So far I am considering combining Sonitus set with some Ultra panels from Verbox to fix the gap. I am also considering addressing below 100Hz range with additional subs and building a bass traps in my riser which is 305mm thick. The problem with the last option is that I could not find an expert for designing the bass trap in the riser. All I know is you need to fill it with insulation and make ventilation holes to allow the sound in. I have not idea on where to put those holes, how big and how many.

Any ideas? What was your room treatment journey?

Thanks.
I both fortunately and unfortunately went down the path of Acoustic Fields (you can read the WBF forums about "him." The fortunate thing is the wall construction with built-in bass traps (4 chambered activated carbon filters as in Gordon J. Holt theorized he wanted in a listening room). My room has no bass problems with 6-12" woofers in my full range dynamic speakers, going down to a reported 13 Hz (more like 20's). So, that part of the cost was worth it.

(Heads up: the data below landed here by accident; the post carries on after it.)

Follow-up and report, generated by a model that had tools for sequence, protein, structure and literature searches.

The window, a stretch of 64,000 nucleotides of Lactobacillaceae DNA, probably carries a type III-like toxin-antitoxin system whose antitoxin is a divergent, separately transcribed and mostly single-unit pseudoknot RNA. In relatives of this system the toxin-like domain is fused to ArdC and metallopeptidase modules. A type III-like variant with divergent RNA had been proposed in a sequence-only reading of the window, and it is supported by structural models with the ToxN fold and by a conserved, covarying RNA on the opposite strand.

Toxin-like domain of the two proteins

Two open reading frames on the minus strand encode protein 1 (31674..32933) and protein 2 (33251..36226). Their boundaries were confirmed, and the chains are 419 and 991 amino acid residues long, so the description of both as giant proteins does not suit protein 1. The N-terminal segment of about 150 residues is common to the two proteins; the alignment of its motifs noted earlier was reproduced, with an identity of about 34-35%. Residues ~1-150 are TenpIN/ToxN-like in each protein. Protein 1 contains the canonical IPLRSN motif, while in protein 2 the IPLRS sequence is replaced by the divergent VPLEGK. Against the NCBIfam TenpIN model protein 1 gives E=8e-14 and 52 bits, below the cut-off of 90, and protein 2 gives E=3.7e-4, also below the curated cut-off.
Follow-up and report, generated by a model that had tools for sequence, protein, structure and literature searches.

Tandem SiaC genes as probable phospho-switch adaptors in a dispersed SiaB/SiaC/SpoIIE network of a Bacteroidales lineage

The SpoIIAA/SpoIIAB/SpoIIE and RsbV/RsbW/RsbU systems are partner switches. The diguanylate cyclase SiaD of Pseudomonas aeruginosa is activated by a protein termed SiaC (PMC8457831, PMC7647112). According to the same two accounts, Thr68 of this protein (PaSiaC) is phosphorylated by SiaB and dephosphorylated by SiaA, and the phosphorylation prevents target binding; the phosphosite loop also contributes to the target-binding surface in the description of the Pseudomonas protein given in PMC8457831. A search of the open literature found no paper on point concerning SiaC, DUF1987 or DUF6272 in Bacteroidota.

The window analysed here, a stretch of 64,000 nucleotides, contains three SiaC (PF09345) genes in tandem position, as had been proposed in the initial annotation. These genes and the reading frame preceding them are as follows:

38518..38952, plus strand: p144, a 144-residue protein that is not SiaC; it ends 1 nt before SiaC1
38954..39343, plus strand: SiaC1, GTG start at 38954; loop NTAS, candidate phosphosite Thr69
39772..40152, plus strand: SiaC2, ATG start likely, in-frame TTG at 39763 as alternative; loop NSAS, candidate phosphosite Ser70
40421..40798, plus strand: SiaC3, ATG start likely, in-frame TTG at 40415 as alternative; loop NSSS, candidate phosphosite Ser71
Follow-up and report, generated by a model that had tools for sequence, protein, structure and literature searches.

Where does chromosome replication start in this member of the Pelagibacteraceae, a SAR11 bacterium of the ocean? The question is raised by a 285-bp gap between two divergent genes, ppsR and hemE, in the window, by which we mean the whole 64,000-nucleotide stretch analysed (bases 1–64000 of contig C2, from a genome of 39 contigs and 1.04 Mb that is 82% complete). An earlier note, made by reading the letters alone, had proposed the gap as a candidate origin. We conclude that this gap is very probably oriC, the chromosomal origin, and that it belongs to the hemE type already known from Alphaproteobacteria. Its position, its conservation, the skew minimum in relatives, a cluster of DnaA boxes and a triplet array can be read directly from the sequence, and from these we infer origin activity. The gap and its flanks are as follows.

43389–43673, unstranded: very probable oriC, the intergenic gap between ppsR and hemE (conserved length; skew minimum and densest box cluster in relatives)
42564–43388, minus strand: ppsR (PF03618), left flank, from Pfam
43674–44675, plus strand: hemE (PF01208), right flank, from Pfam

Hi,

I've researched different companies from Acoustic Fields (Dennis Foley) to Verbox, Sonitus and Artnovian.
The spectrum represents the balance between practicality, cost effectiveness, looks and effectiveness of the products.
Acoustic Fields sells bulky and expensive furniture going to very low frequencies. Not very transparent in communication and looks not very cost effective to me. Based on the number of those bulky boxes I would need, I would be better off getting 4 subs and placing them around the room: both cheaper and takes less space and has better looks.
The other end of the spectrum is Artnovian. Their 60mm thick panels look good, but don't absorb well below 300Hz:

I went to a demo room with $180,000 worth of equipment and $6,000 worth of room treatment and the sound was not good even for my unsophisticated ears. They guy also mentioned spending $3000 on the carpet as part of the room treatment, which shows their level of knowledge in the area.
They would not let me measure the room response using REW. It appears they are focused on selling expensive hardware and when I spoke to them about room treatment they kept moving towards expensive processors and the like.

In the middle range is Verbox and Sonitus. The first one only sells absorbers, their ultra option claims to go to 100Hz: